“Tell me and I forget, teach me and I may remember, involve me and I learn.” Ben Franklin
No matter what age group, this thought has application.
As parents raising children, how powerful to think about training children by involving them. Far too often, the television and video games become the tool of choice to keep children occupied. Leadership means a step up to engage children by getting them involved so they learn.
As educators, the same lesson applies. The tendency is to simply lecture, providing information. We have become a society good at giving the facts. However, what is missing is application, and even more so, the involvement of students in the learning process.
As spiritual leaders within the church, we need to learn the value of this thought in helping the church move out of complacency and apathy. People will not learn if the only exchange is by telling them. In most cases, people forget before they reach their car.
Let us take leadership to a new level, involving others to learn. Engage others in application of the biblical and godly principles that bring growth.
The thought of this Psalm is extremely comforting. God is our strength and refuge. As such, He is the help that is present when we face trouble.
As we consider the application of this Psalm, there are so many areas in our lives today where it fits.
When the trouble we face is one of loss: a friend, family member, position, possession, or health; God is the help we need.
We are comforted in knowing God is the help provided in the times we suffer most, but where does this help come from?
God’s help comes from His word. Throughout scripture we find strength, comfort and guidance to help us in times of trouble.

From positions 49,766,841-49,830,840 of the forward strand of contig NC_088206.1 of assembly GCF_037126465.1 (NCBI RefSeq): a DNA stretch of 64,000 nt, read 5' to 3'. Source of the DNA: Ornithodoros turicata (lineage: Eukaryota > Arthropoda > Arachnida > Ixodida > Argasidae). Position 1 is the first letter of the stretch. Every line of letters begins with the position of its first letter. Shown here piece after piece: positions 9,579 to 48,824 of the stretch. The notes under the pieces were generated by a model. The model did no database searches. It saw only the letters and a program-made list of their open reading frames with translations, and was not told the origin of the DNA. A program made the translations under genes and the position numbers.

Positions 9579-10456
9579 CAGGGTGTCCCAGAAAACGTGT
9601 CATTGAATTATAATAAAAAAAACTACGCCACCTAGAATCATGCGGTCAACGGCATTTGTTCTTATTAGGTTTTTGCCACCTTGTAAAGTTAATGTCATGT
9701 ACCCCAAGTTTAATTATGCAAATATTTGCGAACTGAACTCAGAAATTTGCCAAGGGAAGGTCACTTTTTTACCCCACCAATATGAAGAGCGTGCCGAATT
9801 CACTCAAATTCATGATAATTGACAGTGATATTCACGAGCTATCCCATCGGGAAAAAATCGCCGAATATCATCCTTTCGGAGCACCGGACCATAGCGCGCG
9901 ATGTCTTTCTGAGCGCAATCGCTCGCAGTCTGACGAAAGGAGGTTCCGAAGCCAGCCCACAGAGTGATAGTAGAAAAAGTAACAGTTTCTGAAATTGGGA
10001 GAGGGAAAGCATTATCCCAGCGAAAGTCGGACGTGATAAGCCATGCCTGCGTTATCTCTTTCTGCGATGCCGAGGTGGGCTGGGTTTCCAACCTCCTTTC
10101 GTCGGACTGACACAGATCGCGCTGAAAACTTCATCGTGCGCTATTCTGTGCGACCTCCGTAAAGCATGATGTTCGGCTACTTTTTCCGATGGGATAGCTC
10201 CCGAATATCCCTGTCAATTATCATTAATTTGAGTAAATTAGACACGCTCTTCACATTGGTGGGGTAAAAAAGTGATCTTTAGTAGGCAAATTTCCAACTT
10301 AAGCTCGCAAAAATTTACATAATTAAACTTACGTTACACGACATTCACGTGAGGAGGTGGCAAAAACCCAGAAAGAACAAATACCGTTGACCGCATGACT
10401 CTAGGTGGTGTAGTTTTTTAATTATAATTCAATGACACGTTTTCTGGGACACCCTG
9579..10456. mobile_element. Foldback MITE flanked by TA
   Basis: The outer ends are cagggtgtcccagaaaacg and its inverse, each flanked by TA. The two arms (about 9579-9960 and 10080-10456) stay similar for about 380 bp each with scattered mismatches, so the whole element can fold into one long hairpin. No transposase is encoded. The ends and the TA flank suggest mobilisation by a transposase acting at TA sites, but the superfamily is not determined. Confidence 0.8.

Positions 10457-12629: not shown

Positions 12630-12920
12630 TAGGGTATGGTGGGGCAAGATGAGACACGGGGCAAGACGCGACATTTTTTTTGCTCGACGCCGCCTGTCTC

God’s help comes through prayer. It is not by accident that scripture indicates we are to cast all our cares upon Him, because He cares for us.
God’s help comes from others. One of the best ways leadership is demonstrated is through providing strength, comfort and guidance.
We receive great peace from God when we apply these three areas during those times of trouble.
Few areas are more challenging than considering what happens when leadership fails. The main reason is because it is accompanied by a loss of trust and respect.
The task before leaders is learning what to do to regain trust and respect when it has been lost.
We begin with considering three negatives: 1) do not try to ignore or deny the failure, 2) do not attempt to cover the failure up, and 3) never blame someone else for the failure (this only worsens the situation).
Instead, there are four positives needed: 1) admit the failure (chances are the followers already know about the failure), 2) be specific about the failure (a general statement does not speak to an understanding of the consequences associated with the failure), 3) ask for forgiveness (saying this is essential to regaining trust and respect is an understatement), and 4) give a step by step plan for overcoming the failure (it is one thing to admit the failure, but another to know how to deal with and overcome the failure).
Additional areas could be considered, but a simple upfront approach is where the healing begins.
Three words describe the word for this week: occupy, attract, and involve. These words have reference to someone’s interest or attention, but all three are key to understanding the need for leaders to engage others.
Occupying the interest or attention of others indicates we are holding or we are situated in such a position to keep others focused and connected.
Attracting demonstrates we are bringing others to a place where they can participate in the project or venture associated with the need.